Hard case accident on BA

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  • norbert2008

    Just wondered if anyone in the forum can advise or this happened to you? A friend was on BA flight in economy LHR to Washington when someone dropped there hard metal hand luggage on her head. She sustained concussion and the crew were very good giving her first aid attention. Should she have flown in this condition? She still has neck pain some 7 days later. BA only found a seat in Premium, I have no idea on load factor but a lie flat bed would have been wiser. Somehow she doesn’t know who the passenger was who dropped the case. Where does she stand compensation wise? Any ideas, she is currently still with family in the USA.


    Crew should have made a call for a doctor on-board – then the happening much more formalised and on record….more action would have been taken.
    Suspect possibly now too late for much sort of compensation but the BA crew were slack and something should be forthcoming from BA. Does she have details of the other passenger?

    1 user thanked author for this post.


    Many years ago this happened to me when my plane from MAN landed at LHR. I blacked out for a few seconds. The person responsible apologised but didn’t stop to find out if I was OK. He got off quickly, before the cabin crew could get to me, so clearly we didn’t know who he was. He wasn’t one of the passengers in the seats behind me.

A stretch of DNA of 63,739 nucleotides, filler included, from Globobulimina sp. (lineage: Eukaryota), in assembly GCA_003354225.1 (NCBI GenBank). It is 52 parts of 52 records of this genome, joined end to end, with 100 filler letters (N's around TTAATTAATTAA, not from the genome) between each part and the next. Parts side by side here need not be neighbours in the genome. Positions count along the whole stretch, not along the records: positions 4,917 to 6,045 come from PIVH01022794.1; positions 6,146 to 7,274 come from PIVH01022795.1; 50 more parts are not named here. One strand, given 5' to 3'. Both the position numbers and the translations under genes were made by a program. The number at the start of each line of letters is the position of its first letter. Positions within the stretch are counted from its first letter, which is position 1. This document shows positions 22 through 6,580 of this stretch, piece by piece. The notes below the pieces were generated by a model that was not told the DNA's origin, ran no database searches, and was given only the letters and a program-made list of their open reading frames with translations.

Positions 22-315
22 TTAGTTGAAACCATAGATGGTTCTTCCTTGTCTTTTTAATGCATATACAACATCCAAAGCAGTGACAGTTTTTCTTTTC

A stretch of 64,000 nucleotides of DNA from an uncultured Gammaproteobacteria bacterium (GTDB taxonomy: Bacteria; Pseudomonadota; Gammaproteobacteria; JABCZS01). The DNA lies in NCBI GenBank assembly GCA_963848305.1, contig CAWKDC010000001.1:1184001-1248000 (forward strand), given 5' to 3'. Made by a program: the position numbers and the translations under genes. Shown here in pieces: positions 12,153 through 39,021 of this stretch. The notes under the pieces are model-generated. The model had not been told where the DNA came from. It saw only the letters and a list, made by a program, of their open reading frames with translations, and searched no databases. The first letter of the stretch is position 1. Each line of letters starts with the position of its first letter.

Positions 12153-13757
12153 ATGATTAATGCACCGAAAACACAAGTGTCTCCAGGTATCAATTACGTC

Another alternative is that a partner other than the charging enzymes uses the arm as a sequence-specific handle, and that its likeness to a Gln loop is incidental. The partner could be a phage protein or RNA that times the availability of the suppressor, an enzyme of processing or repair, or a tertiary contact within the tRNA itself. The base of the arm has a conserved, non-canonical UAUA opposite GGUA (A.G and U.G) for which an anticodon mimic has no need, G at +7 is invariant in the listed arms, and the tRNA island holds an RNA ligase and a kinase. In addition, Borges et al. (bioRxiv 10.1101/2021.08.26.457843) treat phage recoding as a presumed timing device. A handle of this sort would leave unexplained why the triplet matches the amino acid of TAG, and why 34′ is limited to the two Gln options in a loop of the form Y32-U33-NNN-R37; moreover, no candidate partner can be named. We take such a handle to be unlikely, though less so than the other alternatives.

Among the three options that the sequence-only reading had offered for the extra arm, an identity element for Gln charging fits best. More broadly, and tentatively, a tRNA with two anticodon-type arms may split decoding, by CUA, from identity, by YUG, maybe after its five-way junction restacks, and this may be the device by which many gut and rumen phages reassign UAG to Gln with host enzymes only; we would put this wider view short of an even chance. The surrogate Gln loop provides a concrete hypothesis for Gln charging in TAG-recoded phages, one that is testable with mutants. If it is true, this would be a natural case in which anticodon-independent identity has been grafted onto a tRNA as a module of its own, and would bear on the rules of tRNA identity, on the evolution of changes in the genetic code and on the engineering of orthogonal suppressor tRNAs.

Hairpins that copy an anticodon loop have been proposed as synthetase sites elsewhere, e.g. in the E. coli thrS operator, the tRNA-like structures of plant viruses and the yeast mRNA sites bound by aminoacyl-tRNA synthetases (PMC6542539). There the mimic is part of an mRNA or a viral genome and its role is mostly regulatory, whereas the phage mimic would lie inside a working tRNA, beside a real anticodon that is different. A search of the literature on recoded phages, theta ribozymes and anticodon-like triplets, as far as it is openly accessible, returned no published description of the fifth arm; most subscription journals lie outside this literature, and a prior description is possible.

I sat there for a few minutes, the BA crew were very attentive and did offer to call a doctor, or take me to the LHR First Aid centre. I felt much better, so went on my way without difficulty or further assistance – including travelling on my own to my meeting in central London. In retrospect, this was stupid as later that day I became ill with obvious concussion. Fortunately, I only needed to lie down for a couple of hours; a nurse was nearby if things got worse.

    It never entered into my head (pardon the pun) to ask for compensation from BA. I do appreciate that Norbert’s story is not quite the same and the outcome more serious.


    Safair in south Africa insist all passengers remain seated, and then allow disembarkation row by row, with the flight attendant moving back as each row becomes free. I asked about this and was told it not only allows for a quicker exit for the passenger, but also helps prevent cases in the overheads from hitting other passengers.

    Maybe this should be adopted elsewhere?

    7 users thanked author for this post.
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